Album Highlights: SOHN is a London-born songwriter, producer and musician. He has made some noise in the electronic scene by remixing Disclosure and Lana Del Rey, as well as producing Banks’ “Waiting Game.” His debut album, Tremors, was recorded at night in Vienna. As SOHN states, “Every night I worked finished with a cold sunrise and a walk home … and to me that’s what Tremors sounds like.” And that late-night vibe is definitely captured on this album. The minimalist and intricate production make this a great album for a night drive; this album is a beautifully depressing soundscape. While single “Artifice” is the most radio friendly track, SOHN has created some very interesting and moody songs with “Paralysed” and “Lessons” and “Lights,” which all build slowly and ever so gently from a mellow track to a track with some edge, before coming to an alluring close. In fact, that somewhat describes the way the album itself progresses. The second half contains much of the moodiness and depth, it is almost flawless.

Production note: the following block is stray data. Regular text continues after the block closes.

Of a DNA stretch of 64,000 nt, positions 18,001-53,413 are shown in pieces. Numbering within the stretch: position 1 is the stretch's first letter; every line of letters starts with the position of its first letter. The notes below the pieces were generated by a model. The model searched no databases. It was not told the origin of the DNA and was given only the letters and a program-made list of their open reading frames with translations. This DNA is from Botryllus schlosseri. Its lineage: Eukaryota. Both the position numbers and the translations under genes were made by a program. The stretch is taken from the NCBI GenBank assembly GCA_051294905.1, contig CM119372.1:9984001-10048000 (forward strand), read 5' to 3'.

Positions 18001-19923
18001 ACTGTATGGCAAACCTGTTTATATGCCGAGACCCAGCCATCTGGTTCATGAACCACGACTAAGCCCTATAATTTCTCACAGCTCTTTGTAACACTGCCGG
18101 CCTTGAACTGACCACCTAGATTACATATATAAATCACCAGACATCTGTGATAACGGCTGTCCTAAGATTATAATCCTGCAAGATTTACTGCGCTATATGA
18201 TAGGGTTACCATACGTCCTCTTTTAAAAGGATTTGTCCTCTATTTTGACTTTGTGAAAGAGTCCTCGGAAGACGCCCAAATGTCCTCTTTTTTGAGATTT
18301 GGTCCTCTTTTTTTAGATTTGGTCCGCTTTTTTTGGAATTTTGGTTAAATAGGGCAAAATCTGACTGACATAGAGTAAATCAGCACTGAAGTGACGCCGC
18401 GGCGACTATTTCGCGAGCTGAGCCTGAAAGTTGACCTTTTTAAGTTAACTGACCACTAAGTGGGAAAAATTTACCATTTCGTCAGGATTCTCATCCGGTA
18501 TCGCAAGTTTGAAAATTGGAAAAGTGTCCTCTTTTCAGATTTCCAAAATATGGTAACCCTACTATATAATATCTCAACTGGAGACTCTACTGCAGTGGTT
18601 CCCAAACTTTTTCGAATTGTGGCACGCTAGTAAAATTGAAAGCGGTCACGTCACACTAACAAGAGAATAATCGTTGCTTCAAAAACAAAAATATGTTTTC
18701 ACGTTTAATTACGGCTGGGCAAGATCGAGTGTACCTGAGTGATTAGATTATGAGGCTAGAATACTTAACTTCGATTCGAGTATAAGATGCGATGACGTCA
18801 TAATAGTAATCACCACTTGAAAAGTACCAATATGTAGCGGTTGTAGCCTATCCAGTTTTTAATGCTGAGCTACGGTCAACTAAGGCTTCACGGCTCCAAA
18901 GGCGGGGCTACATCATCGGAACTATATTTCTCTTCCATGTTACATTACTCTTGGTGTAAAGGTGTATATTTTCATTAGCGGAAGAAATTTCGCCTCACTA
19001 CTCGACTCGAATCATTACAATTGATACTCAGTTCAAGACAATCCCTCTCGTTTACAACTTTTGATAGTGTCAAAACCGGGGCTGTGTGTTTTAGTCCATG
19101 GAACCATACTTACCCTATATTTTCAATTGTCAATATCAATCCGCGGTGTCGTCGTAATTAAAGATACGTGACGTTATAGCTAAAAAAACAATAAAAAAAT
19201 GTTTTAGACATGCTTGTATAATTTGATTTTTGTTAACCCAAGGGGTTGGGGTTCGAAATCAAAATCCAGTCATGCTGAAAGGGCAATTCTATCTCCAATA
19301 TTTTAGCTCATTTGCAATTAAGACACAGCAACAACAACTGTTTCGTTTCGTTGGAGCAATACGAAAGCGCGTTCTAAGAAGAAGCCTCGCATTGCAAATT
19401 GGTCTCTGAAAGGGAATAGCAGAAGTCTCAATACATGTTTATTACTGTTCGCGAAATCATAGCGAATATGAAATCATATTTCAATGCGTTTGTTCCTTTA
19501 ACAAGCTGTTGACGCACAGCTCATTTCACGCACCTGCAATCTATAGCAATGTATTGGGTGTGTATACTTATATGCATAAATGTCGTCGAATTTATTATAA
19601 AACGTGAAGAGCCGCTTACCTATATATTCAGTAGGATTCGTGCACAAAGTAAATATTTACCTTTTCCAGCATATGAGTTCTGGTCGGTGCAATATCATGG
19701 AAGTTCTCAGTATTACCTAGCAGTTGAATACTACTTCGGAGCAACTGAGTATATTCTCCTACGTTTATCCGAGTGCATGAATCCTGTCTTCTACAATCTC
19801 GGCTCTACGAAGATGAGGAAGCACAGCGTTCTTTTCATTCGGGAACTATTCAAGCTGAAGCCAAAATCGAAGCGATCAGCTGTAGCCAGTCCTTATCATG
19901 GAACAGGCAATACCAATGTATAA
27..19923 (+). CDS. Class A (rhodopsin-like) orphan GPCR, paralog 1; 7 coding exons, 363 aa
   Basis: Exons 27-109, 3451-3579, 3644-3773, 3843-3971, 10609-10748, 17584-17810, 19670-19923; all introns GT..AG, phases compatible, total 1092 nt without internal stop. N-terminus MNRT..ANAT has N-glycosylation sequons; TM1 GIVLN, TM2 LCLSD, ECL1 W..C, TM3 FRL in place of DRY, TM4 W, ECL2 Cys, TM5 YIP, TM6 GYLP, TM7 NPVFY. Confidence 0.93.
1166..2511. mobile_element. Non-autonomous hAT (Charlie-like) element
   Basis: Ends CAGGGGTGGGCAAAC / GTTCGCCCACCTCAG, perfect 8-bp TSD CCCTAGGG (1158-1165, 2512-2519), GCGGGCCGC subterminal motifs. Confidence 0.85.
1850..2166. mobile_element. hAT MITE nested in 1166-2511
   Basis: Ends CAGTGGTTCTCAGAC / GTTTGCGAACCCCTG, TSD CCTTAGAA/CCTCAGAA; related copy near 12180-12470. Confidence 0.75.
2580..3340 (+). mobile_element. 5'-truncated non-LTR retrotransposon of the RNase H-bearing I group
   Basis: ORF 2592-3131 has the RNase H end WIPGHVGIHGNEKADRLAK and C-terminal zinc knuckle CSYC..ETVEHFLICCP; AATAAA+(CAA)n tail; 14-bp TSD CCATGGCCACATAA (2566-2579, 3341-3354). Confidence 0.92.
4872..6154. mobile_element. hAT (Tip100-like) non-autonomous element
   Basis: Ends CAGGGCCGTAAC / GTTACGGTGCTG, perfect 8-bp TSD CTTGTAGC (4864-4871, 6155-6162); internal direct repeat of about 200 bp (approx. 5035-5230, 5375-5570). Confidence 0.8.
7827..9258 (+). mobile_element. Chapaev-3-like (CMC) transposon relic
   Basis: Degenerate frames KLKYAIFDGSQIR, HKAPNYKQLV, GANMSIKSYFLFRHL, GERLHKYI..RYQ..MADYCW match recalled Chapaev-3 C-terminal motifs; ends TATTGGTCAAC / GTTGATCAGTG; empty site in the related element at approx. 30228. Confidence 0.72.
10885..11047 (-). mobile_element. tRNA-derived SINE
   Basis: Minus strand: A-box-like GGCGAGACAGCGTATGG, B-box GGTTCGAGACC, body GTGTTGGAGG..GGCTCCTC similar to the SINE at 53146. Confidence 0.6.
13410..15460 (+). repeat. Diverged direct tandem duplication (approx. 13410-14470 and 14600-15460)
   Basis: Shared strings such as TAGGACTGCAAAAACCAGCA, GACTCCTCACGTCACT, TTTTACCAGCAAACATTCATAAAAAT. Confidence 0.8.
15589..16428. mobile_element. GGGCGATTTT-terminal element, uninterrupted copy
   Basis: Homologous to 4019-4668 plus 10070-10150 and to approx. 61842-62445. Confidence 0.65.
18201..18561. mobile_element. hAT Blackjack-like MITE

Album Lowlight: This album is a bit much to listen to in one sitting from start to finish. And maybe not many people listen to a record in that way anymore. While there are some surprises along the way, much of the first half blends together. The opener, “Tempest,” takes awhile to build and then is over too quickly. “The Wheel” is too repetitive and jerky for me, but the production is still good. I prefer the depth of SOHN on his subtler songs.